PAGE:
World Labor Productivity Growth Improves

Asia Continues to Lead the World, The Conference Board Reports

Newswise — Worldwide labor productivity growth is improving, despite political and economic crises in Asia and Russia, and significant economic slowdowns in Europe, according to a report by The Conference Board.

Global labor productivity growth was 1.8% for the 1995-2002 period, up from only 1% in the first half of the 1990s. But the rest of the world’s productivity level relative to the U.S. is just 21%. This translates into per capita income amounting to only just 19% of the U.S. level.

The Conference Board report is based on a comprehensive and regularly updated statistical database that now covers 97 countries. It includes more than 20 years of economic performance, revealing both productivity levels (GDP per employee for all countries and GDP per hour for 36 more developed economies) and growth rates of GDP, labor input and productivity. The report also measures average per capita income and explains why, despite comparable levels of productivity, many countries are still far behind the U.S. on this key measure of economic strength and prosperity.

WHY ASIA REMAINS THE LEADER
Asia leads the world in labor productivity growth at 3.4% between 1990 and 2002. East Asia has rebounded strongly from its 1997-1998 crisis, registering solid 3.6% productivity growth since 1998. China continues to be a worldwide leader in labor productivity growth, at 6.5% annually. India leads South Asia with 3.4% productivity growth between 1995 and 2002. Japan experienced a significant acceleration in per hour labor productivity growth in 2003, increasing from 1.8% in 2002 to 2.9% in 2003. In addition, its labor-input growth was positive for the first time in 3 years.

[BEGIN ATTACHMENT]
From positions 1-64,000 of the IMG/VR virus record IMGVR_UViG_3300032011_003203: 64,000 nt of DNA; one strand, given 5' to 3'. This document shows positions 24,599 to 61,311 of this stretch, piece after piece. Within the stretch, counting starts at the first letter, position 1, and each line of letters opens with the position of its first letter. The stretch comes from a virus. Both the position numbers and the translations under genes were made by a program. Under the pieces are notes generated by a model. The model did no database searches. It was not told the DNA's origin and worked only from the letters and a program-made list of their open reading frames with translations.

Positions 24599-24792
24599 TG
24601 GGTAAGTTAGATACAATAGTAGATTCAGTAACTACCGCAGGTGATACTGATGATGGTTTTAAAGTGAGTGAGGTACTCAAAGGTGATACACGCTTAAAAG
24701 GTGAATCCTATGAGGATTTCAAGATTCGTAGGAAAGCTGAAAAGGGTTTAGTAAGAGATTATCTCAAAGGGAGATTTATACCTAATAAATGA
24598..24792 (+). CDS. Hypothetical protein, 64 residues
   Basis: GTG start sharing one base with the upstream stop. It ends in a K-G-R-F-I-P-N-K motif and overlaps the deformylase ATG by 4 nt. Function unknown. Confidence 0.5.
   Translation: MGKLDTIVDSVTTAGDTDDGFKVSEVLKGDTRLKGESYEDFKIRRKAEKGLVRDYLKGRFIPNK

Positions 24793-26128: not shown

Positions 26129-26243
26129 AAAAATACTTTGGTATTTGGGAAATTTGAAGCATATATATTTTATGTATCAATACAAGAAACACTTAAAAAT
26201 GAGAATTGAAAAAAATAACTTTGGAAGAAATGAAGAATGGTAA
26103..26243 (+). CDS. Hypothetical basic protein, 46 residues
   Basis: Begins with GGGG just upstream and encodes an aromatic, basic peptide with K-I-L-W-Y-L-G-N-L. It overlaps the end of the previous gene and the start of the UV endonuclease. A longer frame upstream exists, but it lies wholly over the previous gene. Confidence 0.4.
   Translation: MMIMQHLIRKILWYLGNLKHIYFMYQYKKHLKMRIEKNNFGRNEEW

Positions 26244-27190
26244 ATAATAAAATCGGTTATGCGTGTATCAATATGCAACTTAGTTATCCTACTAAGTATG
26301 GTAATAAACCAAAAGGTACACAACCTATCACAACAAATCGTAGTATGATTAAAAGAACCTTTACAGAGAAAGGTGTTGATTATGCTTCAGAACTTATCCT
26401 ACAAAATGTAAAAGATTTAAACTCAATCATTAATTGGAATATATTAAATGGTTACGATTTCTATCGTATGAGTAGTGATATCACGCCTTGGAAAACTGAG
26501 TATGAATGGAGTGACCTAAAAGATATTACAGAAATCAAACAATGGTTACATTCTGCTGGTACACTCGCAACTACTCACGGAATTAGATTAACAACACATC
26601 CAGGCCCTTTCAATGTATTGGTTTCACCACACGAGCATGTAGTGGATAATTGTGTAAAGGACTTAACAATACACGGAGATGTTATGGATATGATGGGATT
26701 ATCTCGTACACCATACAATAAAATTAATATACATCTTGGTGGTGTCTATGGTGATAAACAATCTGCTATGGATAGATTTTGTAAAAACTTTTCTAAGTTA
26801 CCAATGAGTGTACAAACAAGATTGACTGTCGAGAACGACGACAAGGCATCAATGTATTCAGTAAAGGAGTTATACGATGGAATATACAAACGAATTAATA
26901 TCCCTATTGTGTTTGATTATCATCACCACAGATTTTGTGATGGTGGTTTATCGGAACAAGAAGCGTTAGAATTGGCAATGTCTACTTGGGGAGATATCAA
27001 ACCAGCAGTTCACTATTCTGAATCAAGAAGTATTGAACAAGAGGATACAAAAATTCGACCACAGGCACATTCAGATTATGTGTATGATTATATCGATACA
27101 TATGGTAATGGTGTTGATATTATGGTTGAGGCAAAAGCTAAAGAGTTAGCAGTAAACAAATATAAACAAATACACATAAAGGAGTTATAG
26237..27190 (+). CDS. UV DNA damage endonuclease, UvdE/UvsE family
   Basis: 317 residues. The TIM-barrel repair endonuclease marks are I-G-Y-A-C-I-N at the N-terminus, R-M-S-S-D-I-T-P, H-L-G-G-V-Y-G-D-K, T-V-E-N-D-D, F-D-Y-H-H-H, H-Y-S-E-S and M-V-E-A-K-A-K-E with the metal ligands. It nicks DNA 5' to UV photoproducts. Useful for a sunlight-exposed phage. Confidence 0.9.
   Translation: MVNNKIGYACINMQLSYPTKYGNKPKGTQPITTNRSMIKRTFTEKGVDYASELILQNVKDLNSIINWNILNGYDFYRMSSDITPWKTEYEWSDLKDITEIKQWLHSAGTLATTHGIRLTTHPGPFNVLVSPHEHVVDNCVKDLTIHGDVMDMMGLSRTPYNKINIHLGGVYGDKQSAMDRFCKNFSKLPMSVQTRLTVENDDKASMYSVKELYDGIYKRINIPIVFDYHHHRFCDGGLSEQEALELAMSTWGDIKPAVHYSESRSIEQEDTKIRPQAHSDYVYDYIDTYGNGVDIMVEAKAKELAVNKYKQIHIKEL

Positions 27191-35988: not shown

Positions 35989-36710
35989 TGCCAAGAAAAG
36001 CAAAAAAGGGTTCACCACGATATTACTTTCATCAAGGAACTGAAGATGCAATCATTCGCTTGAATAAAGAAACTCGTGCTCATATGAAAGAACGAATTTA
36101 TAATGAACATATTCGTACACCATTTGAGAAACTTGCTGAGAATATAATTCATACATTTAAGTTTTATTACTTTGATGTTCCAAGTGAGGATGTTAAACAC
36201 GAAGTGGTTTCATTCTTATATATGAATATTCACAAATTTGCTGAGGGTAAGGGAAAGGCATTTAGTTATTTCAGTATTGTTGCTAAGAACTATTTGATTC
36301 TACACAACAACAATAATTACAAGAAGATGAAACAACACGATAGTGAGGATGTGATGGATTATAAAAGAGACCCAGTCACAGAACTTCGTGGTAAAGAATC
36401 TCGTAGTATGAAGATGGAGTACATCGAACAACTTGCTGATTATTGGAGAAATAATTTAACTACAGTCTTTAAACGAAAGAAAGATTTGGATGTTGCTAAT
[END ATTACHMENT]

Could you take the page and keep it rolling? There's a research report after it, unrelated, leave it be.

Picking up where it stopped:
Even Africa has returned to positive productivity growth, with improvements in almost all countries since 1995. But it still lags significantly behind most regions at 0.9%. Productivity growth in the Middle East has also been very slow – just 0.8% between 1995 and 2002.

“Gains in East Asia and the Pacific, which account for 42% of world employment, and South Asia, with 18% of world employment, are critical to future productivity advances,” says Robert McGuckin, Director of Economic Research at The Conference Board and co-author of the report with Bart van Ark, Consulting Director for The Conference Board’s International Economic Research.

Critical areas to watch for significant improvement in living standards are China, which has 28% of all the world’s jobs, and India (15%).

Both China and India have shown very strong productivity growth, with China’s at over 6%, driven by massive restructuring and privatization. India’s productivity is growing at 3.5%, spurred by reforms that have opened up competition and increased foreign investment. The gains in productivity were mirrored in the 10 new European Union members that have also been privatizing inefficient government enterprises at a rapid rate.

“China and India will have to continue the reform process, since their productivity levels are only 14% and 9% of the U.S. productivity levels,” concludes McGuckin. “Per capita incomes aren’t likely to rise without stronger productivity growth in these areas.”

Media Contact

Carol L. Courter newswise

Weitere Informationen:

http://www.conference-board.org

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